“The great thing about framing this accurately as a violation of human rights,” said Polsky, “is that framing is capacious enough to include stories about PFAS health harms, ecological harms, corporate responsibility, about lack of regulatory vigor, about inadequate legal remedies for people who are coming out injured.” It also connects the injustices in North Carolina with similar stories elsewhere in the world, bolstering the case for an international movement to address PFAS as a global problem, and regulate them as a class of chemicals rather than one by one.
The UN declaration is the first of its kind in the United States. It is preceded by a similar, though less detailed, action by the UN Special Rapporteur in Veneto, Italy, which inspired the residents of Cape Fear to believe they might be able to catch the international body’s attention. PFAS, they say, is a problem with global consequences.
Community members and officials in North Carolina castigated the EPA last month for approving a permit for Chemours to import 4 million additional pounds of GenX PFAS waste from the Netherlands, despite a 2019 EPA order requiring the company to reduce its pollution in the Cape Fear watershed. The EPA put the import on pause after local media uncovered it, causing community outcry. The federal government has not yet responded to the rapporteur’s letter.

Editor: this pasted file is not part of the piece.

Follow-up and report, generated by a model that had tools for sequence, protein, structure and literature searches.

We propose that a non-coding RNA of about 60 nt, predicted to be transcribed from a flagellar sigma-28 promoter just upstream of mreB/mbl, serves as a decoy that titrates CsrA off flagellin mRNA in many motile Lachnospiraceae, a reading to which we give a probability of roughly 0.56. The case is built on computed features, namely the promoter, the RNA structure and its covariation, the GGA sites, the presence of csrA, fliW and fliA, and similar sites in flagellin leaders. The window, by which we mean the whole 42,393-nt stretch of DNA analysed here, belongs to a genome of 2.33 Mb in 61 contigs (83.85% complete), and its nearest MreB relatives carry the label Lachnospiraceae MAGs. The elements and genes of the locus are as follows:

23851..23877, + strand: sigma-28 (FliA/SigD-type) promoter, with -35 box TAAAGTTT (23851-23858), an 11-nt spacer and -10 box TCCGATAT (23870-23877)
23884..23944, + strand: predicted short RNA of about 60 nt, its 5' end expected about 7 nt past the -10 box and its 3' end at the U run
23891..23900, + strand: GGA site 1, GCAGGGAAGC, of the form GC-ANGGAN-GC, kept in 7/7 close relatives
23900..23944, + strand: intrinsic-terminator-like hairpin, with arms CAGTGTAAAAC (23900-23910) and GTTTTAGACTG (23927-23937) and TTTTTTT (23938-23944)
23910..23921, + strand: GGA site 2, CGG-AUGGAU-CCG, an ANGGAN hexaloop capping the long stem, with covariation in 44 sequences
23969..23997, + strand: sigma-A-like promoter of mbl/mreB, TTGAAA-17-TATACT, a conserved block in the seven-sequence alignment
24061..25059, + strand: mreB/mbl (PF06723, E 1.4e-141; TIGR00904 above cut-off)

Harper Peters, a former mayor of Wilmington, North Carolina, and state senator for the region, is a founding member of the Clean Cape Fear Coalition. He hopes this international attention will force the EPA to adopt tougher drinking water standards, generate enough public outrage for the state to deny Chemours’ expansion permit, and trigger what he calls much-needed epidemiological studies into the harms of PFAS. The challenge, he said, has been proving to legislators that blowback from their constituents will cost them more than corporate pressure to do nothing.
If the US fails to address the issue, the special rapporteur said, it will be viewed as negligent in ensuring the rights of its own citizens. “We remain preoccupied that these actions infringe on community members’ right to life, right to health, right to a healthy, clean, and sustainable environment, and the right to clean water, among others,” Orellana said in the letter.